I’m in the middle of a New York City trip, alone at first but to be joined by my family next week – which will make for two very different snapshots. This is my first visit with enough time to do the place justice, and so far it’s been all good. While New England isn’t a different country from California, I notice all the little difference from home just like if I was abroad. Namely, everybody smokes, people are more patriotic, awesome lightning storms, and they have ridiculous Long Island accents.
I found it humorous that many NYC residents hardly ever leave their neighborhood, despite the Big Apple’s many offerings. It sort of makes sense, since each area is overflowing with stuff to do, and even on a direct subway it can take up to half an hour to get from one half of Manhattan to the other. It’s just crazy to think that in this huge metropolis, you’d want to stay in only one corner. Oh well. Other Manhattan takeaways are the incredibly high number of stunningly gorgeous women on the streets, and the preponderance of preposterous characters (obviously) straight from the pages of Humans of New York.
I popped out to the Hamptons to visit my good friend Elly, who works at a fancy hotel there. While swimming in the jellyfish infested waters (I got stung), bearing the humidity, and walking the rocky beaches, I felt bad for the East Coast rich people who use this place as a vacation destination. But I’m just spoiled by California.
I spoke with a few interesting characters out there, like the Peruvian chef convinced that everyone is naturally bisexual, or the Bahamanian retired butler who has spent years living withand serving a rich NYC pharmaceutical executive. I asked him what the hardest thing he had him do was and he said “Party with him nonstop for a month” and regaled me with tales of him traveling with thousands of dollars in cash on a money belt, next to another money belt full of exotic recreational substances. Best accusational quote of the recollection “You ate all my Xanax!”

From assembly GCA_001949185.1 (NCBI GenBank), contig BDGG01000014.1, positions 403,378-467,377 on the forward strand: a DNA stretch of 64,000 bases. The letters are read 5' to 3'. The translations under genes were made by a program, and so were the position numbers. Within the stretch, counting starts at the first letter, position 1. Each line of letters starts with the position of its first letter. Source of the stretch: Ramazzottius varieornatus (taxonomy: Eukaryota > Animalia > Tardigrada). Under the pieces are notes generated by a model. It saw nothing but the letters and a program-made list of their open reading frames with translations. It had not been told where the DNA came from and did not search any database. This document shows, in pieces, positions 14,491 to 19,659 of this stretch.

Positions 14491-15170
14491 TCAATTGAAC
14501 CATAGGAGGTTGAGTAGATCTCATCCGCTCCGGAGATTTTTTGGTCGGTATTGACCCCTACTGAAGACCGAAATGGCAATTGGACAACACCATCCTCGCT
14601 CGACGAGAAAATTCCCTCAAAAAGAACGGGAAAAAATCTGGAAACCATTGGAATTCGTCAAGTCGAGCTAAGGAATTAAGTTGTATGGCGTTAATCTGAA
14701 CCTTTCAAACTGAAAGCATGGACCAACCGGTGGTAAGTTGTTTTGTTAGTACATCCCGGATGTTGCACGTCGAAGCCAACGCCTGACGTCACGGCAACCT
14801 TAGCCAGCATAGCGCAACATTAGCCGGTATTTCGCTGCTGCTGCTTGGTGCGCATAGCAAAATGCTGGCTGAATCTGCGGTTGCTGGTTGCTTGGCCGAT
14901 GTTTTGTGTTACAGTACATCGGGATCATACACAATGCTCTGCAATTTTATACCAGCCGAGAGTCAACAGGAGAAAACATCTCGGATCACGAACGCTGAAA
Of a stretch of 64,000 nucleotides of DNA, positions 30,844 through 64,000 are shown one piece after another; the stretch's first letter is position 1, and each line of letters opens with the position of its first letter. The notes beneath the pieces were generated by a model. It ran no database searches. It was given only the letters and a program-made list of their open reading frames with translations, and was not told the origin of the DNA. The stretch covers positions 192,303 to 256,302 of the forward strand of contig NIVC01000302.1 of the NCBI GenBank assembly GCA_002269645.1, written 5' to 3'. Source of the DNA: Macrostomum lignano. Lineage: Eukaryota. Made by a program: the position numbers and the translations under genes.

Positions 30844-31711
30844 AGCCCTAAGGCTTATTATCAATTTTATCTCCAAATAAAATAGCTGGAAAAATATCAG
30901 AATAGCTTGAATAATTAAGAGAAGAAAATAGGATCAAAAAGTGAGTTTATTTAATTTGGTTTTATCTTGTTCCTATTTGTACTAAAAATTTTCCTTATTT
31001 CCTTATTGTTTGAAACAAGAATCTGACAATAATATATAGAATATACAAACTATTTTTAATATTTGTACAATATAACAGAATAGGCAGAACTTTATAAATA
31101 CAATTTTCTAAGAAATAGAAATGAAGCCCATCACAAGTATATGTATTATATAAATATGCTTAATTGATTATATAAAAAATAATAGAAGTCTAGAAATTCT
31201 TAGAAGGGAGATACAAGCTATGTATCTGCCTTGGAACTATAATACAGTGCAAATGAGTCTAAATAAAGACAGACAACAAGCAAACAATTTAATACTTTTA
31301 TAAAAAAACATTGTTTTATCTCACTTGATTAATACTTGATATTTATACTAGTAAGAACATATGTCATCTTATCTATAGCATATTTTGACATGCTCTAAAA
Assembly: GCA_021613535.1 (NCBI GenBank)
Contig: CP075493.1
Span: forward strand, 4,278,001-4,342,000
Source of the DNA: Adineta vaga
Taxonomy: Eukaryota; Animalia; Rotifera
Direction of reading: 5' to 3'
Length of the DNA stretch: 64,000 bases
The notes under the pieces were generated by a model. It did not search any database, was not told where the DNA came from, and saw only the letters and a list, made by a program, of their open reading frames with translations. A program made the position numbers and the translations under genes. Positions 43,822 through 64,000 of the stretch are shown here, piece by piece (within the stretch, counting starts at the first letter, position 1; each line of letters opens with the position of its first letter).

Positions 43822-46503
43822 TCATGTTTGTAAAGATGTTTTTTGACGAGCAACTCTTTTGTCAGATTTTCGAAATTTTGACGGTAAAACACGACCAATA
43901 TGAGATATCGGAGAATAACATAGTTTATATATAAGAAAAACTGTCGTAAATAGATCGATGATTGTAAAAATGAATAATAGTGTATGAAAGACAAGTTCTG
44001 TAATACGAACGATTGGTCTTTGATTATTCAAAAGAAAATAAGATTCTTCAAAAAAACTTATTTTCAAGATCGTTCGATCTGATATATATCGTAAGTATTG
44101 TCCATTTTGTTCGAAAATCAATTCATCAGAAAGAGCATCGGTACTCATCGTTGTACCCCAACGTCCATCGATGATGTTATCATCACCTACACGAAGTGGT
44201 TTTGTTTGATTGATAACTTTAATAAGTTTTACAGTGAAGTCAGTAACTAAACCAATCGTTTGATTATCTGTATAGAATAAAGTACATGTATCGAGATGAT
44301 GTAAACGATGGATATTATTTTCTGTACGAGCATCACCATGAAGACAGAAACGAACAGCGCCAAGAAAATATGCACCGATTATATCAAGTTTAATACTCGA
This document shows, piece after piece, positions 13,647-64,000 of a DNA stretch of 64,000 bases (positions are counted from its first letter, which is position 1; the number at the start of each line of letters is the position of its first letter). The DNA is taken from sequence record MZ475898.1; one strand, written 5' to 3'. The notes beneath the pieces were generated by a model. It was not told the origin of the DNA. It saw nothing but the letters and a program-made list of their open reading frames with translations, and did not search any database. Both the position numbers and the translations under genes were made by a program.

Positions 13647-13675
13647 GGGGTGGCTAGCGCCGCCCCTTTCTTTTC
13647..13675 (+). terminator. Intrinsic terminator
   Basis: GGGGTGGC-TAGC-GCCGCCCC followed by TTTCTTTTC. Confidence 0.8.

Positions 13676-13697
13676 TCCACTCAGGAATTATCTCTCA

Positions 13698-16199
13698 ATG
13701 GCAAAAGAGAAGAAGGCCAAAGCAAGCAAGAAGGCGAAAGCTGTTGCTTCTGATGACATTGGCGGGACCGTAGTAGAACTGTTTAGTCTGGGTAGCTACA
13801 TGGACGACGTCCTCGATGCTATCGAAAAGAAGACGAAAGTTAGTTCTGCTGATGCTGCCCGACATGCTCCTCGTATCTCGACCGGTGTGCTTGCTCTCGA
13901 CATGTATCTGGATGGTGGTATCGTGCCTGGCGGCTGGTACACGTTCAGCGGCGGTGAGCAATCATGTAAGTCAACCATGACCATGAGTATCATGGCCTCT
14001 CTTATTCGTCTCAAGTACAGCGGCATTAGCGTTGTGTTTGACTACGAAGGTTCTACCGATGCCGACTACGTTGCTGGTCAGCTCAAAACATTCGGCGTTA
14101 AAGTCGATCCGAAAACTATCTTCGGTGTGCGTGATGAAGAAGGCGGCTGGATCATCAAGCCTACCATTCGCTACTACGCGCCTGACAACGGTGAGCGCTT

I spent a few days exploring. Some highlights include the Duck Duck Bar in Brooklyn (good DJs/ambiance), the famous Dominique Ansel Bakery in Soho (croissant + donut = cronut, shot glass made out of cookies filled with milk), the DoubleDown Saloon in East Village (super dive-y, has oddly delicious ‘Ass Juice’ [because you pound it]), a giant abandoned 20th century granary in Red Hook (I climbed it, skirted danger), the Barcelona Bar in Midtown (expensive spectacle shots a la Espit Chupitos), Koronet Pizza ($4 pizza slices, each piece is like a square foot), Mamoun’s Falafel and Papaya King in West Village (‘best falafel’ and hot dogs in city, respectively), and seeing a man walking around with a live, nonplussed cat on his head.
In online happenings, theskint.com gives you whats cheap and free around NYC every day, while Babycastles is an Arabic video game art collective in Brooklyn with some of the most ersatz web design I’ve ever seen (click through and see). Then there’s Circle Rules Football, created by an NYU student and played with a yoga ball, one goal, and perpetually wrestling goalies. I gotta find my local chapter!
Astore by Amazon let you make a little corner of the web filled with affiliate links – handy.
AdventurousKate.com aims to show the world that solo female travel is possible – certainly a misconception I’ve had to disprove many times over the years.
The OODA loop was created in the military but now used in commercial and business endeavors – Observe, Orient, Decide, Act. Less of an command than a way of thinking, apparently many tech companies use this when reacting to competition.
Lastly, David Cain’s piece on how the forty hour workweek has already designed your life for you hit me hard. He highlights the disparity between the traveler, who has plenty of time but no money, and the white collar worker, who has plenty of money but no time. Thus, we spend our money on high cost, high entertainment pursuits in the scant evenings and weekends we have left – reminds me of my Frugal Margarita observations on freedom versus value. Yikes.
- “The perfect customer is dissatisfied but hopeful, uninterested in serious personal development, highly habituated to the television, working full-time, earning a fair amount, indulging during their free time, and somehow just getting by. Your dollar goes a lot farther on the road.”